It might be hard for proponents of the Culver City Police Department’s purposed purchase of a Ballistic Engineered Armored Response Counter Attack Truck (BearCat) to acknowledge the obvious: BearCats — no matter how fearsome — do no prevent emergencies, but respond after an emergency occurs. Webster’s College Dictionary informs us that an “emergency” is “an unexpected occurrence requiring immediate attention.” Some argue, “it only takes a split second for an incident to occur.” But a BearCat cannot prevent the incident.
In Jan. 2019, at the Culver City Ramada Inn, shots were fired, and the emergency occurred before a BearCat left its den. Unfortunately, whatever the emergency, there will be damage before a BearCat arrives.
My Public Records Act (PRA) request to Culver City related to CCPD’s desire to purchase a BearCat as part of its newly-minted Emergency Response Team (ERT) program. ERT is code for SWAT. The response demonstrates:
(1) The Los Angeles County Sheriff’s Department (Sheriff) has provided SWAT services to CCPD on a total of eight emergencies since 1994, without charge;
(2) CCPD has not complained about the Sheriff’s SWAT services;
(3) CCPD has no document showing that less harm would have been incurred had the Sheriff’s SWAT team arrived earlier at the scene.
The Culver City Police Officers Association (CCPOA) has recently published baseless arguments, e.g., “By the time a [BearCat] would arrive from an outside agency, too much time would have elapsed, and too much damage would have been inflicted.” My recent Public Records Act request and Culver City’s response totally refute CCPOA’s claim:
[Request:] For each instance in the past 15 years where Los Angeles County Sheriff’s Department deployed a BearCat in Culver City, each record or study showing that, had the BearCat arrived at the scene earlier, less harm to someone might have occurred.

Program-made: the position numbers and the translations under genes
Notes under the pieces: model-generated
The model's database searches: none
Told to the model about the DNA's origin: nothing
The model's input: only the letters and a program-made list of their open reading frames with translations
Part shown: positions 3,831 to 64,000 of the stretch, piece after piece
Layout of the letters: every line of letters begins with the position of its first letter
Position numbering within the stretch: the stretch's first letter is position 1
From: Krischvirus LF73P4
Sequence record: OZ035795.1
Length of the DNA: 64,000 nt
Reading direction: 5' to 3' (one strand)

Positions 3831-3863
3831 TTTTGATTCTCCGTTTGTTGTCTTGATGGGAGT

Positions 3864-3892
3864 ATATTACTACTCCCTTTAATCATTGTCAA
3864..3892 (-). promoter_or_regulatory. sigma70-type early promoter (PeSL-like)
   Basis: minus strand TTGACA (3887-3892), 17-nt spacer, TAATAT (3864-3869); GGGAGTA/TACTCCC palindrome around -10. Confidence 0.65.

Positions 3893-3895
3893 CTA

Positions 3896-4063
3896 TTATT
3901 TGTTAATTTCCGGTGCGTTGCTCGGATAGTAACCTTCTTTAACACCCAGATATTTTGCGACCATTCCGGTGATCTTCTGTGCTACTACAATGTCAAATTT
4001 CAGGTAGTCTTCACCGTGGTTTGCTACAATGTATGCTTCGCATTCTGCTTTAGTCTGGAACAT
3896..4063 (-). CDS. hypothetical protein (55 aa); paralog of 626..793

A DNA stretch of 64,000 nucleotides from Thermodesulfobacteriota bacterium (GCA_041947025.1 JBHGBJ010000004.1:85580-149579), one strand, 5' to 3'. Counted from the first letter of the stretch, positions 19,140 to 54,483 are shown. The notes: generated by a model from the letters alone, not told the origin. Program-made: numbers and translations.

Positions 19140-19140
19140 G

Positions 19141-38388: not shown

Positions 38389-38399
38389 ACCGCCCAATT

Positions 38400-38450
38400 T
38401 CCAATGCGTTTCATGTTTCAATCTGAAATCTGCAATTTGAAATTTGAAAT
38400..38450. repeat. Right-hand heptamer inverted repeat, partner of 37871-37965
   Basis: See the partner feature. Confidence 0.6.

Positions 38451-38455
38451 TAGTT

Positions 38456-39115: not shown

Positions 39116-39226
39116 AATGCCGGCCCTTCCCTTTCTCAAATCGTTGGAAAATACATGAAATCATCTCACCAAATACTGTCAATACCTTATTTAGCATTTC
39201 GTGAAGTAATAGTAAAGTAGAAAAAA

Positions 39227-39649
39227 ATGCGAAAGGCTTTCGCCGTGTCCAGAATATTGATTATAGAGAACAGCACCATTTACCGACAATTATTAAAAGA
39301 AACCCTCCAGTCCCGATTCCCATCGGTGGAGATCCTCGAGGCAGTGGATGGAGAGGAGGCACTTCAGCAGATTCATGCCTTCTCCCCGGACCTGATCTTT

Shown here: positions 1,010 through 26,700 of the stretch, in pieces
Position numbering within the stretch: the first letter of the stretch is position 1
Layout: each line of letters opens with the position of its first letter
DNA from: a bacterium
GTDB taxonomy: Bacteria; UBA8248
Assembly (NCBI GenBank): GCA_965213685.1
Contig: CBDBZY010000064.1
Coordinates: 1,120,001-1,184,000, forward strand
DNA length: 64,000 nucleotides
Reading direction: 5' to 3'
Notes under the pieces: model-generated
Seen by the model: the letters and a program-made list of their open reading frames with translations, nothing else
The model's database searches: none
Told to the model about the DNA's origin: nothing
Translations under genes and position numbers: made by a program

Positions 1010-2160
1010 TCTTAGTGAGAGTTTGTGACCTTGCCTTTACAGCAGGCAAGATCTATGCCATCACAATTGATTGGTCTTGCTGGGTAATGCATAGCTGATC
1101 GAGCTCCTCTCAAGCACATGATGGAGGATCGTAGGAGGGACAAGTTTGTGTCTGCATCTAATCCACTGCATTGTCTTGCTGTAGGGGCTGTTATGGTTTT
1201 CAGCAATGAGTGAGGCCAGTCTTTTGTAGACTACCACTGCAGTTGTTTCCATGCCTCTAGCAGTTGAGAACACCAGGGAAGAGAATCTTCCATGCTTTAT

Response: No such records exist.
Also, CCPOA’s argument mixed apples with oranges, by stating, “Our organization prides itself on responding to emergency calls in less than four minutes.” CCPOA should know that a response by one of many roaming patrol cars differs greatly from a SWAT response.
By law, we already pay for the Sheriff’s services with our Los Angeles County property taxes. Furthermore, please recall that the Sheriff’s SWAT teams are on standby 24/7/365. Culver City’s proposed-part-time SWAT team would have to get together and suit-up before going to the site of an emergency. Where is the proof that CCPD’s part-timers would be faster than the Sheriff’s full-time pros?
Most disconcerting is Culver City’s resort to propaganda. Culver City responded to another PRA request concerning representations on Culver City’s BearCat-Emergency-Rescue-Vehicle website. The relevant request and response are as follows:
A recent Culver City announcement states, in part: ‘’After analyzing the City’s emergency response capabilities, staff recently determined that acquiring a Lenco BearCat Rescue Vehicle would enhance public safety services in Culver City.” Please provide me with a copy of all documents constituting Staff’s analysis and determination.
City response: There are no records responsive to this request.
“No records”! For all we know, this crucial “analysis” and “determination” to waste $492,000 was just a casual conversation between two unqualified staffers during a short coffee-and-donut break.
CCPD has not justified its request. CCPD has presented no evidence that its needs a BearCat. And, after the City Council recently declared a fiscal emergency, the $492,000 (BearCat, “special supplies,” “Officer Safety Equipment”) would just be the opening costs to support a Culver City SWAT team.
Yes, we support CCPD’s efforts to protect us, but there are rational limits. The City Council should send CCPD back to the drawing boards, e.g., require that CCPD apply for one or more government grants, instead of using public funds.
Les Greenberg, Esquire